Jake Laughlin

Jake Laughlin, Denton radio producer, talent buyer and author. 

Q: Since COVID has venues closed, I thought I’d teach myself how to shoot videos of songs to post. My videos look homemade in a bad way. I have a newish iPhone, but I still don’t like the way it looks. And should I be learning how to use microphones? A few of the videos I shot seemed to pick up sounds from the outside. How can a singer-songwriter learn how to shoot video of themselves to keep the music streaming? And how can I make it sound better?

I am super excited about this question. Our primary focus at DentonRadio.com for the last few years has been livestreaming video, and we are always researching affordable ways to stream quality videos.

Before we get nerdy with the tech stuff, I want to say that the best and most effective online performances are livestreams where the artist interacts with their audience. Engaging with your audience and putting on an interactive show make the livestream much more enjoyable than the quality of the video. Especially today, shows are best when they are social.

For those that feel they have a good report with their audience established and would like to ramp up production, I would like to share some of the tech we have used at DentonRadio.com. There will never be a shortage of tech to buy, and I do not know your budget, so here are a series of suggestions for different budgets:

$

200912_drc_news_gv_laughlinimg2.jpg

During the pandemic, musicians can develop their tech skills. 

Most of today’s smartphones are a fantastic place to start. The audio and video they capture can be impressive, and a few easy tips and can move your videos to the next level.

Stabilize the phone with a stand or mount so the video does not move or shake, and can be placed at exactly the angle you would like. A cellphone mount can be as affordable as $15.

Lighting can make a huge difference for your video. Make sure you are in a well-lit space to cut down on graininess in the video. Also, make sure you have plenty of light in front of you, rather than behind, so you are not backlit. Playing while facing a window can be very helpful.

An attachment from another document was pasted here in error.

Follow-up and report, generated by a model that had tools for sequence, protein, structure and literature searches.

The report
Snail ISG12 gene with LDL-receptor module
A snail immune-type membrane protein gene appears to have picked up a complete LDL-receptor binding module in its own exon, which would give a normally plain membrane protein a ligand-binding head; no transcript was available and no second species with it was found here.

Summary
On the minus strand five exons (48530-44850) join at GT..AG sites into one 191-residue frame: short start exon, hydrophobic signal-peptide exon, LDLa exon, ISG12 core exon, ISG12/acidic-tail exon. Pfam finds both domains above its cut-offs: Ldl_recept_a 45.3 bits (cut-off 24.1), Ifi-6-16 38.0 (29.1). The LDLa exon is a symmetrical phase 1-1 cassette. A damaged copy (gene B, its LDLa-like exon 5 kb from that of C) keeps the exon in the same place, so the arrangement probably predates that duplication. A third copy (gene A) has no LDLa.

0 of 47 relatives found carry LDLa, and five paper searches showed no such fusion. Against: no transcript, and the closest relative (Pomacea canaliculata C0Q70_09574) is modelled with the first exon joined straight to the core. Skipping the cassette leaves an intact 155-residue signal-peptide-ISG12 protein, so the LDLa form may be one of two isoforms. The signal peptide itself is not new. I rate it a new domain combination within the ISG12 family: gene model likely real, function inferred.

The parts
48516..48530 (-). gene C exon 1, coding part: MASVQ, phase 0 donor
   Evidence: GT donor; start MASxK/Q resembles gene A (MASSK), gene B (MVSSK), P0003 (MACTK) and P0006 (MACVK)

Choose a room that is well designed for capturing audio. A small room with a lot of fabric; carpeting, couches, heavy curtains, cuts down on echo and room noise. Keep the phone as close to you as possible to eliminate additional room noise.

$$

200912_drc_news_laughlinimg.jpg

During the pandemic, musicians can develop their tech skills. 

One of my favorite cameras, which provides a HUGE bang for the buck, is a Mevo. A Mevo camera takes a very wide shot of a room and then can break that shot into multiple angles. It syncs to your smartphone, so you can stream directly to social media, and because you have multiple cameras angles, it appears that you have several cameras in the room. With that one camera, you can create the look of a multicamera production. A Mevo camera can also choose between your camera angles independently, so your video will change angles without you controlling it. So, you can run your multicamera broadcast without a camera operator.

$$$

200912_drc_news_op_laughlinimg3.jpg

During the pandemic, musicians can develop their tech skills. 

When you start introducing microphones into your broadcasts, the more tech you add, the more potential to create audio interference. Microphones, sound boards, amps and the type of electrical wiring in your walls all have the potential to create buzzing, ringing, fuzz and other possible issues. So, I suggest artists keep it simple when miking their instruments and vocals.

I always suggest the Shure X2U XLR-to-USB Signal Adapter as a good interface to connect mics and sound systems to a computer or camera. If you do not have a sound system you like to use to mic yourself, I would also suggest the Shure BLX288/PG58 H9 dual channel mic system. Along with two boom stands and an XLR splitter (two female to one male XLR), you can mic your vocals and a guitar or other instrument for very clean sound.

$$$$

Again, I do not think that video quality is the key to a successful livestream, but for those who would like, there is a fantastic livestreaming studio software from Vimeo called Livestream Studio that I love using! To get the most out of this software, you will need high-quality cameras and audio, but for my fellow video nerds who have all of the video and sound equipment already but need something else to take the show live, Livestream may be that final key. Additionally, Vimeo recently drastically reduced the price of Livestream Studio, so now may be the time.

I hope you find these tips helpful. As we are all adjusting to the “new normal,” online performances are becoming more and more important. I look forward to seeing more and more performances from Denton artists online!

Featured artist: Zeke Forever

Zeke Forever is a Denton R&B-pop artist. Zeke brings endless energy from the stage, putting on incredible live shows, but what is most impressive about Zeke is his beats. Zeke makes upbeat, intricate, next-level beats that any audience can enjoy. If you see Zeke Forever on a lineup, do not miss that show!

JAKE LAUGHLIN is the media and productions manager for Discover Denton, the founder of DentonRadio.com, a talent buyer and the author of ”Get the Gig: A Musician’s Guide to Booking More Live Shows.”

Recommended for you

See what people are talking about at The Community Table!